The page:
How does your company calculate DSO today? When does the clock start? What if we told you it’s not after the invoice is submitted?
It’s actually earlier in the order-to-cash process at the “time-to-invoice.”
The simple, but sometimes overlooked fact is that the faster you can get an invoice into your customer’s hands and accounts payable systems, the faster you’ll get paid. But if your team is bogged down with manual processes, various customer requirements and formats, and multiple systems of record, you could see a negative impact on your DSO. With your teams playing catch-up, you could also experience high error rate, poor workflow visibility and lack of capacity to scale your teams.
By reducing manual processes and accelerating time-to-invoice (TTI), you can expedite payments, create win-win scenarios for you and your customers, and optimize order-to-cash success – benefiting your bottom line and protecting your cash flow during the current economic climate.
For many industries, TTI can represent a significant value. Industries such as oil and gas, transportation and logistics often deal with field ticketing, internal routing and approvals processes that can lead to delays of 60 days before an invoice is even generated and sent to a customer.
Companies that have evaluated time-to-invoice often have found the same root causes:
- Paper-driven or manual internal processes
- Lack of integration between internal and external systems that hold data required to present an invoice to the customer (e.g., CRM, ERP, Orders)
- Complex customer requirements – especially with multiple or complex AP systems and processes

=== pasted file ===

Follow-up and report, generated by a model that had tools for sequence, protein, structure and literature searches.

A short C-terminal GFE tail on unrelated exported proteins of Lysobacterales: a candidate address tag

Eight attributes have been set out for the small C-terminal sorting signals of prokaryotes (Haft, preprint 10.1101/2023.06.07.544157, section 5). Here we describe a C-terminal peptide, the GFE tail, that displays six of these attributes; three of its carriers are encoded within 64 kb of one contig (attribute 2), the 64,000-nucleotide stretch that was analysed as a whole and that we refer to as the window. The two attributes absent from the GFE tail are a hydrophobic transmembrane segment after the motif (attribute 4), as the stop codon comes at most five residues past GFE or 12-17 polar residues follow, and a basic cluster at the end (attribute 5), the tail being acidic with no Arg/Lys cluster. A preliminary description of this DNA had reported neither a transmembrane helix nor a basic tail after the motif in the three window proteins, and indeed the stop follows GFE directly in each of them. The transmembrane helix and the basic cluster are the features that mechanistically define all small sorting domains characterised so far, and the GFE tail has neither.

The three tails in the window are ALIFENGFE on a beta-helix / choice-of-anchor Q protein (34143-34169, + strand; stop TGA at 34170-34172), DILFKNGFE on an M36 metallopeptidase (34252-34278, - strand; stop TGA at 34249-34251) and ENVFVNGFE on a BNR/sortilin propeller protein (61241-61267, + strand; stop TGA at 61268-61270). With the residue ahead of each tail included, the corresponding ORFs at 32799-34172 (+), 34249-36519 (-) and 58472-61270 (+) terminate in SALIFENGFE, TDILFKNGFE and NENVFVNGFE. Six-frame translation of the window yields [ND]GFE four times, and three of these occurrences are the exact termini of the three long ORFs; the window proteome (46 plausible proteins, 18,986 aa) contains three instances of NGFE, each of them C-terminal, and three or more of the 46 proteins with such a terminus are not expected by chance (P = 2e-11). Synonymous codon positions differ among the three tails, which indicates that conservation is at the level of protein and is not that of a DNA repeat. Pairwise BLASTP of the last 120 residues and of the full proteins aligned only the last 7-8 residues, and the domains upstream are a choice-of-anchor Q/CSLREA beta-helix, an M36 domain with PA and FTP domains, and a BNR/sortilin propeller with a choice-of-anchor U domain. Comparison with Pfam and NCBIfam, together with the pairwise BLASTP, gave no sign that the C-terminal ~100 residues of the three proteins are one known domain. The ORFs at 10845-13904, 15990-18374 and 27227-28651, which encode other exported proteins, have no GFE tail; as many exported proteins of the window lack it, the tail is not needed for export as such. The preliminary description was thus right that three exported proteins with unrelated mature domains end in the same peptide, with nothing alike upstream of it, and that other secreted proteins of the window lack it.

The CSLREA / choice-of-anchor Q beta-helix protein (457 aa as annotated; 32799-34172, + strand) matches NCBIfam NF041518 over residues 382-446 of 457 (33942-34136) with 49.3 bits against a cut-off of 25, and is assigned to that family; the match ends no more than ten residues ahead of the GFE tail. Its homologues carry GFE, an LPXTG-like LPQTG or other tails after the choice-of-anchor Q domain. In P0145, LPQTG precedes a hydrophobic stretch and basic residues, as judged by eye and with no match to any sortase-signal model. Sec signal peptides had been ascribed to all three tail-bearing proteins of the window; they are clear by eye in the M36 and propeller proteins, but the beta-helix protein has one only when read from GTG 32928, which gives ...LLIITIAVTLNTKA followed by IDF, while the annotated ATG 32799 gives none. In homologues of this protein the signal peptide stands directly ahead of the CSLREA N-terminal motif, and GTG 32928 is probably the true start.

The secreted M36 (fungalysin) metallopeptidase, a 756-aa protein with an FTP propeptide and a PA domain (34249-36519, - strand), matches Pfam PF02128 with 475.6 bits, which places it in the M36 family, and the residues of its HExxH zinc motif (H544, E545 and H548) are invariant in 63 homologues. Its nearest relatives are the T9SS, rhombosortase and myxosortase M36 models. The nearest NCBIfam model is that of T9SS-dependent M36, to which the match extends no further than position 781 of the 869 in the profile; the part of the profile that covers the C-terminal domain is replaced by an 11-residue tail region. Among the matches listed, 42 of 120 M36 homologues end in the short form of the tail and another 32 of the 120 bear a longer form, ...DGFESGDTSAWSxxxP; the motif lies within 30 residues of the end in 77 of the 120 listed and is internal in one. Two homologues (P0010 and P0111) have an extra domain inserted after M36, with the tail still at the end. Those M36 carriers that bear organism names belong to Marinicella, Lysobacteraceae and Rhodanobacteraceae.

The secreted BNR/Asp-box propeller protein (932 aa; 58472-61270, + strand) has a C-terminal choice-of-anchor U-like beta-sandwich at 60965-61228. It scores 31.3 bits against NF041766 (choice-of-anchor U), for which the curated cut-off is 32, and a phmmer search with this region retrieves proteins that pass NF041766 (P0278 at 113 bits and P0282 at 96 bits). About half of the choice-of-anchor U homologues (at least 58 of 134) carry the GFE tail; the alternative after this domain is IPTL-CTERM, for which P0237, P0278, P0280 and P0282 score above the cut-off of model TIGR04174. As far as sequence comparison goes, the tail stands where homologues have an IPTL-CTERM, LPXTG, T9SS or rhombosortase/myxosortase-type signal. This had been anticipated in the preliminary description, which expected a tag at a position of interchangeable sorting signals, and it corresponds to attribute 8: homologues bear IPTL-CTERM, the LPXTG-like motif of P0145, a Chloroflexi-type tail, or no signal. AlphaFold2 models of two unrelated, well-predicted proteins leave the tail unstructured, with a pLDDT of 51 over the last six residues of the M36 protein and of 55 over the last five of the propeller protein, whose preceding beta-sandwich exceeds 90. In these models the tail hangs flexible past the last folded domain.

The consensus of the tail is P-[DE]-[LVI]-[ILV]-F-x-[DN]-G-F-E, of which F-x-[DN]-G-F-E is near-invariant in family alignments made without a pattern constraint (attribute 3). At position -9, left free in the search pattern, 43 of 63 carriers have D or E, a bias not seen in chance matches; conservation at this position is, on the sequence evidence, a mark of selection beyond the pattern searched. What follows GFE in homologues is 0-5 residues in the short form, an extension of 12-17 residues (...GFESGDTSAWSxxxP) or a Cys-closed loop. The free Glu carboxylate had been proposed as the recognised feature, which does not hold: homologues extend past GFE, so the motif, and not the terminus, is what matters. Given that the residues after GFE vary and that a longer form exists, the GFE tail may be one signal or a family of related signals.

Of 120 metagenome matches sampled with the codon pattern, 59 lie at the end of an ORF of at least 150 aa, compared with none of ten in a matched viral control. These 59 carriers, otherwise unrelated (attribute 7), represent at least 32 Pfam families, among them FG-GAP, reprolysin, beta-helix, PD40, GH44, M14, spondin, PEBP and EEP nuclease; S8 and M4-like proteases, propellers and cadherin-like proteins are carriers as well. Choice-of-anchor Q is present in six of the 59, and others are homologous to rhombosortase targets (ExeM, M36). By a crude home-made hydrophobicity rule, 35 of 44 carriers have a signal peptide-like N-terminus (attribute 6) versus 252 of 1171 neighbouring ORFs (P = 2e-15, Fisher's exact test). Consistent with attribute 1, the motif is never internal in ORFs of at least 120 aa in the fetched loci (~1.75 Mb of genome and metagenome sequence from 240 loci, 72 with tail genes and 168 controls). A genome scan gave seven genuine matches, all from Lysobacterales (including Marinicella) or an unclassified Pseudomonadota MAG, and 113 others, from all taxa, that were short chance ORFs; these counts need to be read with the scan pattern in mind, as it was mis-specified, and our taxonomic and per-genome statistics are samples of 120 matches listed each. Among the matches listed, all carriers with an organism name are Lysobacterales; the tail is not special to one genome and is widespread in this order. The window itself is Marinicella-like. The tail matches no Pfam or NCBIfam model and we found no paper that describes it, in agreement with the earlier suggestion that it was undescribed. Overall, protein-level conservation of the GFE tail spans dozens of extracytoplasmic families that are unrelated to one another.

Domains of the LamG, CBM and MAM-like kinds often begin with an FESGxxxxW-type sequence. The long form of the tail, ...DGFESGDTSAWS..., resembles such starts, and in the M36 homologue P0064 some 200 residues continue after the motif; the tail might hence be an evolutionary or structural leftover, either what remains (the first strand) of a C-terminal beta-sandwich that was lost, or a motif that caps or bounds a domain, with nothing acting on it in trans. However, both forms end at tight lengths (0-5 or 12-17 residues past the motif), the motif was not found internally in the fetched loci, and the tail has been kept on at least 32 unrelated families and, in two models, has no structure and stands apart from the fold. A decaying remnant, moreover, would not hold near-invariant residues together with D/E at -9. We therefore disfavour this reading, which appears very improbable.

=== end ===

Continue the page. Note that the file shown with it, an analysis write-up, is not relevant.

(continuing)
- Pre-approval documents like field tickets, time sheets, delivery tickets, etc.
- Internal approvals/additional stakeholders involved in the approval process (ie invoice review for key clients before they are sent out)
- Lack of transparency to internal invoice statuses and task responsibility, workflow, alerts/notifications
- Backup or attachments scanned from other departments or offices are often delayed (e.g., drawings, tickets, photos, spreadsheets, etc.)
- Delays in POs generated by the customer for rush orders where procurement is involved later in the process
- Goods receipts or proof of deliveries received late
Reducing DSO starts with improving time-to-invoice and reducing the likelihood of these pitfalls happening to your organization which will ultimately lead to less exceptions and errors.
Stay tuned for Part 2 in this blog series where we’re provide some best practices on how to improve your time-to-invoice to reduce your DSO.
To learn more about Sidetrade’s eInvoicing solution and how you can improve time-to-invoice, email us at email@example.com.